Campaigning in Puerto Rico yesterday, Republican presidential candidate Rick Santorum said residents of the U.S. territory would have to make English their official language if they want to pursue statehood. A referendum on whether to pursue statehood or remain a commonwealth of the U.S. is scheduled for November; the island currently recognizes both English and Spanish as official languages.
In an interview with El Vocero newspaper, Santorum said he supported Puerto Ricans’ right to determine the island’s political status, but insisted that English be the primary language. “Like any other state,” he said, “there has to be compliance with this and any other federal law. And that is that English has to be the principal language.” However, no clause in the U.S. Constitution designates an official language or mandates that a territory adopt English as its principal language to acquire statehood.
Santorum traveled to Puerto Rico on Wednesday, hoping to capitalize on the momentum following his wins in the Alabama and Mississippi primaries on Tuesday. Puerto’s Rico’s Republican primary election is scheduled for Sunday, March 18. Though Puerto Ricans cannot participate in the general election in November, they do control 20 delegates to the Republican National Convention. A candidate must accumulate 1,144 delegate votes to win; the latest Associated Press tally showed Mitt Romney with 495, Santorum with 252 and Newt Gingrich with 131.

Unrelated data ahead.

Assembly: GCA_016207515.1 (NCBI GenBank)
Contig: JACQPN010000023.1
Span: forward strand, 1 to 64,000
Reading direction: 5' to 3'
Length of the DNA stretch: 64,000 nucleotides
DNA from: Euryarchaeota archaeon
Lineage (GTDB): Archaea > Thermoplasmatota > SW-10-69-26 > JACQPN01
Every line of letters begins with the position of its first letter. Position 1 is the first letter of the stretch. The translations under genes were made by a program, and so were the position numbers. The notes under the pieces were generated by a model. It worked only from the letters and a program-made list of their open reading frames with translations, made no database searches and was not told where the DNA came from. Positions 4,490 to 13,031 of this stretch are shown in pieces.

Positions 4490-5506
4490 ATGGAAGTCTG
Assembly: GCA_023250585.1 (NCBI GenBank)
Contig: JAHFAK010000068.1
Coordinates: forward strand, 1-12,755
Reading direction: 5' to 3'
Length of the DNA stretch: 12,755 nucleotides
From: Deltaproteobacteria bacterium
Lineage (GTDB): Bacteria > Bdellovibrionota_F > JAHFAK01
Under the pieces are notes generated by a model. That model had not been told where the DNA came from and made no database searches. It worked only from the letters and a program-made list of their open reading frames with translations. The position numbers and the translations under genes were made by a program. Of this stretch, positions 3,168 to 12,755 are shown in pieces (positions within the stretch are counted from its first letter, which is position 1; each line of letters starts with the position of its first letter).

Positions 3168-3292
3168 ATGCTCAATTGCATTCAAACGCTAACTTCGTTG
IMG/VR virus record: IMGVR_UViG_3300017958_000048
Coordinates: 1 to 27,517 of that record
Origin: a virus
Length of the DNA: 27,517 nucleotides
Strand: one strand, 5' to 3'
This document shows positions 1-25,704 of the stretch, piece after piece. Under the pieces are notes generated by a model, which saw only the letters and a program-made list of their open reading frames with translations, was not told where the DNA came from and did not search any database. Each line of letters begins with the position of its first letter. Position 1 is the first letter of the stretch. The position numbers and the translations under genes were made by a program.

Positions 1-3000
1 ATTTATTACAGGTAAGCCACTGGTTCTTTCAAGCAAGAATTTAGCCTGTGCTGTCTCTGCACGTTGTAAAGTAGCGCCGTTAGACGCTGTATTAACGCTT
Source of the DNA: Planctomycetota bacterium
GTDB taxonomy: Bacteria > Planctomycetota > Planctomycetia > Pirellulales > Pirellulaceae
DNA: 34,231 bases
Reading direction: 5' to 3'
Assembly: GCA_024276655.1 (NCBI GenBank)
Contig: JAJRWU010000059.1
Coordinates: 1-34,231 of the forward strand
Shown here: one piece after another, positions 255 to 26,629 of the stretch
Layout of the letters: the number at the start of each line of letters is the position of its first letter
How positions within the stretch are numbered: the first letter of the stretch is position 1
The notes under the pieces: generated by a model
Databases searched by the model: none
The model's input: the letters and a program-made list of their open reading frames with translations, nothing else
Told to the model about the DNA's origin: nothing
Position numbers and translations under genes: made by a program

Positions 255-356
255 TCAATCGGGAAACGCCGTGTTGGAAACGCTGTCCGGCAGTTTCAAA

Santorum met briefly with Governor Luis Fortuño, who has endorsed Romney, before holding a townhall meeting. His insistence on adopting English as the primary language may not sit well with Puerto Rican Republicans, many of whom contend that issues of language and culture should be decided at the state level.